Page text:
Don't forget the next line ...
Romy, this won't hurt a bit ...
Now BEND OVER!
That's an easy one. You asked why else the FDA would grant it (drisapersen) 3 passes? Because there are no other drugs on the market and the push behind getting SOMEthing approved was heavy.
SRPT will file the NDA and be told they need to continue to provide data in the confirmatory study and be granted approval based on that. When the music stops, it will be SRPT sitting pretty in the chair and the drisapersen folks wondering "Why did the music stop?".
Are there any good stocks left? Seems like they are getting beaten bloody at every turn.
ISIS is probably the least beaten down, though it should be at $75+ except for the hatchet job that TheStreet crooks did on it based on misinformation, but that will come clear in time.
I do still like SCMP and SRPT - but this market makes it hard to invest in anything right now.
Certainly should have alleviated the FDAs previous concerns.
Nah, hedge fund managers don't get margin calls the way retail investors do. So for them the short squeeze is just when they finally capitulate and buy shares to cover. They still owe them, they just don't have to put them up any time soon. So, the squeeze part is when they finally decide to cover at $30 or $50 and that forces shares up even higher because now it is artificial demand for shares.
Help me out. I see short interest at 13.26M (32% of float! wow) on April 15th and 12.41M the month prior according to Yahoo Statistics. Is there another source more up to date? I'm not arguing, I'm seeking to see the same numbers you see, but am limited to what I see on Yahoo Key Statistics.
But but but, Obama said he was going to fix all that. He PROMISED. He said he was going after those fat cats on Wall Street. What changed? Did they donate to his campaign? Or Hillary's?
He said there are so many shorts, the squeeze could easily send this over $100/share.
And longandatronggg - I can make #$%$ up too.
Yeah, but seriously, nobody makes a buy/sell decision based on any of the posts here. I'll admit I learn a lot, meaning, someone alerts me to a story and I go pull it from a credible news source like WSJ or CNBC. Many stories I wouldn't even know about had I not seen commentary here first.
But the shorts just bash incessantly and are easily identified and ignored. So they are a lot like a gnat, irritating, but irrelevant.
People need to understand hat most short sellers are hedge funds who can short an UNLIMITED number of shares, shares that don't even exist, and they NEVER get a margin call the way the retail investor does. They can double their short position just to keep a lid on the price.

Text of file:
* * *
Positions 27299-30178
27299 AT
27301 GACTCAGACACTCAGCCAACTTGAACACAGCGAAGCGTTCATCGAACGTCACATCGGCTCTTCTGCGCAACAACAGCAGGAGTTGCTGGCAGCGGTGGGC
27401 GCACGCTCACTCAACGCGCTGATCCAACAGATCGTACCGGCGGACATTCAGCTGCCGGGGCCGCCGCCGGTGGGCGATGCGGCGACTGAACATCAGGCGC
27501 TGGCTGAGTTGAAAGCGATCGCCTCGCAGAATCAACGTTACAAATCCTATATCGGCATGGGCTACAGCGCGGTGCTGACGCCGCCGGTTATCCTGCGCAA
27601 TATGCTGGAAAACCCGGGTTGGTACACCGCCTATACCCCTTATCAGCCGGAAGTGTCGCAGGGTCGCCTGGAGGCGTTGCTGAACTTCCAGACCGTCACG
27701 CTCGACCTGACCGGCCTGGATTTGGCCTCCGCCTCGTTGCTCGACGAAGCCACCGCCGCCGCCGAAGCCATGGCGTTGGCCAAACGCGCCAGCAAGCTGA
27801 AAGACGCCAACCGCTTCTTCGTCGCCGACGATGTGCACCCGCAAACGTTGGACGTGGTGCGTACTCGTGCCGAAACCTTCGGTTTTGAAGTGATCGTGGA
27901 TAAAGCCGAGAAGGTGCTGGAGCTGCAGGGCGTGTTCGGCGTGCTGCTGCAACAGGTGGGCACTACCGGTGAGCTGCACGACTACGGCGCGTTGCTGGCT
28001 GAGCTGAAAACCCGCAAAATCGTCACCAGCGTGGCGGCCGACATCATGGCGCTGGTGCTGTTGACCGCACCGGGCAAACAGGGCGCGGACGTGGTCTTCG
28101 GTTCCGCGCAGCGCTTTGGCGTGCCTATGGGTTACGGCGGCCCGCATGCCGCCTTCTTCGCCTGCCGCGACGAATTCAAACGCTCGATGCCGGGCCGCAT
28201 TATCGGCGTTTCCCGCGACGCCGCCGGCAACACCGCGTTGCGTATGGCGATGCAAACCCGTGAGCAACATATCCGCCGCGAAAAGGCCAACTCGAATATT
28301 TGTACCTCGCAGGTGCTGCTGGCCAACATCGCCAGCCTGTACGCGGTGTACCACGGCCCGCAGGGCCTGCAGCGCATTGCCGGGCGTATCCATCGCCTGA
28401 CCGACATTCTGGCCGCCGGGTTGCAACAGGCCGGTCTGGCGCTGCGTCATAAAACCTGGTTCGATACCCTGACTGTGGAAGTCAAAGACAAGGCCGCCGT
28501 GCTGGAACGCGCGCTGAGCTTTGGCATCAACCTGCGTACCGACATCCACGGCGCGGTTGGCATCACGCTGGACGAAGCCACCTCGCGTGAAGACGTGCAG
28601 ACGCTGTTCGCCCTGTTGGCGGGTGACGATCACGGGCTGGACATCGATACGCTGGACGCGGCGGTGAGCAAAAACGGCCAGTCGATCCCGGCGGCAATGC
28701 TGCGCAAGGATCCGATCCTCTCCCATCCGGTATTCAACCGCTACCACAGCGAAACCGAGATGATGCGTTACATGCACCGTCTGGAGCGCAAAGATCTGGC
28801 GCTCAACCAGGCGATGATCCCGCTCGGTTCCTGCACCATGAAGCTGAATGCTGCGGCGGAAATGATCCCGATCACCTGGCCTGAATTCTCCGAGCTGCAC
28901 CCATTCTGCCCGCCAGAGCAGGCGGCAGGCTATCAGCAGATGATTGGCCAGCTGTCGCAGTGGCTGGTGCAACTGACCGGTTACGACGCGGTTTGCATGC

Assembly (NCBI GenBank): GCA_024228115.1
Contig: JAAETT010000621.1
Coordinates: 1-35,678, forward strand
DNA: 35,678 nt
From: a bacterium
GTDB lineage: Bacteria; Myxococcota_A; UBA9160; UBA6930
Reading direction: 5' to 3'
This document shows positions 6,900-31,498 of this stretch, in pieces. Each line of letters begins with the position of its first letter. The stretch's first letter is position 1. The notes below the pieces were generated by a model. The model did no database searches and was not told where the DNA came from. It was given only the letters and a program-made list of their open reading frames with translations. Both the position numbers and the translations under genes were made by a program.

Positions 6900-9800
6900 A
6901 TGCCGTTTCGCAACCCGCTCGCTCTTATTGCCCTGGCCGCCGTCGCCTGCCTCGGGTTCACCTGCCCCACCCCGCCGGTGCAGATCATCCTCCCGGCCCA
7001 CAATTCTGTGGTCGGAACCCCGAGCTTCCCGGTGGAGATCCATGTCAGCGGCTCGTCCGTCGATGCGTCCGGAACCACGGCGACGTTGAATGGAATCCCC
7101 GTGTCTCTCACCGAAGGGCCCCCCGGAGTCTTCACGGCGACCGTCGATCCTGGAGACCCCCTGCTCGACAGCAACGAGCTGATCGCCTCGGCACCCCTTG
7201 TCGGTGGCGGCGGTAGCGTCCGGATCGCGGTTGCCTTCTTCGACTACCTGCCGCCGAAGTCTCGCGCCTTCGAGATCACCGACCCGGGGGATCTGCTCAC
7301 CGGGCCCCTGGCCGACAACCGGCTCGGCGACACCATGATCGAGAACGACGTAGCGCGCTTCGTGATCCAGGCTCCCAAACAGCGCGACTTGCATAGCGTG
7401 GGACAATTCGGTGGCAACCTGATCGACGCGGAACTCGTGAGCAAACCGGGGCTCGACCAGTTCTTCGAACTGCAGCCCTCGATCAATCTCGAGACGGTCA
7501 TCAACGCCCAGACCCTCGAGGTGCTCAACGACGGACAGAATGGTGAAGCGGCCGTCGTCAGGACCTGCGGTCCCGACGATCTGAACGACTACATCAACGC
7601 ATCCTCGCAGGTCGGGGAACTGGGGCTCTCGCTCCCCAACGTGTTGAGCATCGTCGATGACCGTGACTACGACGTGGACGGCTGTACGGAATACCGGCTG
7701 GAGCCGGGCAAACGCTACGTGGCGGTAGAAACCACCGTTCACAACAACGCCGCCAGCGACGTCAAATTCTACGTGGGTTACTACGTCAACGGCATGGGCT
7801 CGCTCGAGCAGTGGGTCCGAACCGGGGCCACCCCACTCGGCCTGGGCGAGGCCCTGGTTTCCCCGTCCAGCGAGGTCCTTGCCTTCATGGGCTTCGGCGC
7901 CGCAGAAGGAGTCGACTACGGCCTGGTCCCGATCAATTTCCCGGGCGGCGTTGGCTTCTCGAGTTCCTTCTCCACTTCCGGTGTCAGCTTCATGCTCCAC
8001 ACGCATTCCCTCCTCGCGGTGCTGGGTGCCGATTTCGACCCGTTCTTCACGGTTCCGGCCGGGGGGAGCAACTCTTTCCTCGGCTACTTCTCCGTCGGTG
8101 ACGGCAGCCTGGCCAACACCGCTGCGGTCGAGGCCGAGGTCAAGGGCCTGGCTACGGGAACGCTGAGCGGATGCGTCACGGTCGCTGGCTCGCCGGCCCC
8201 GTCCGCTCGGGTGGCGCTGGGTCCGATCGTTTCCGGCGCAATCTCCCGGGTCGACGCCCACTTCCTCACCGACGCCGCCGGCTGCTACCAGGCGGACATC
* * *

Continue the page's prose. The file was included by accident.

Why do you think we are at $25 instead of $50 right now? Without the added short selling pressure, this stock would surely be over $50/share.
If it works, it will be the first one to pull it off. The bashers claim there are lots of these types of devices out there, but I can't find one to buy.
All the bashers and negative posts here are starting to make me wonder if something else is going on.
Methinks they protest too much ... Maybe there is more value hidden here that appears.
San Rafael, Calif., April 27 -- BioMarin Pharmaceutical Inc. today announced
completion of the rolling submission of a New Drug Application (NDA) to the United States Food and Drug Administration (FDA) for drisapersen, an investigational nonworking exon-skipping drug candidate for the treatment of the largest genetically defined subset of Duchenne muscular dystrophy (DMD). . . . The company intends to also submit an application for registration in the European Union in summer 2015. . . . Drisapersen has been granted Orphan and Fast Track Useless status, as well as Breakthrough Toxic Therapy designation by the FDA.
Amazing how adding just three words can dramatically alter the meaning ...
From the same article:
Today, Sarepta's market cap stands at $800 million. If one assumes a similar market cap as Alexion in six years time, Sarepta has the potential to be a 20-bagger -- if my scenario plays out.
BRENTFORD, UK ( TheStreet) -- Duchenne muscular dystrophy patients treated with GlaxoSmithKline's (GSK - Get Report) experimental drug drisapersen have been hospitalized due to kidney toxicity and low platelet counts, according to a Glaxo scientist who spoke at a research meeting in Rome last Sunday.
Glaxo has disclosed some safety data from early-stage drisapersen clinical trials previously, mainly related to moderate cases of proteinuria (excess protein in the urine) and decreased thrombocytes, which play a role in blood clotting. However, the significance of the adverse events attributed to drisapersen, also known as GSK-2402968, escalated with Sunday's disclosure of hospitalized patients.
Dr. Rohit Batta, global medical leader in Glaxo's neuromuscular rare disease unit, said four Duchenne muscular dystrophy (DMD) patients treated with drisapersen required hospitalization due to thrombocytopenia and that "several" patients with "severe proteinuria" also required hospitalization.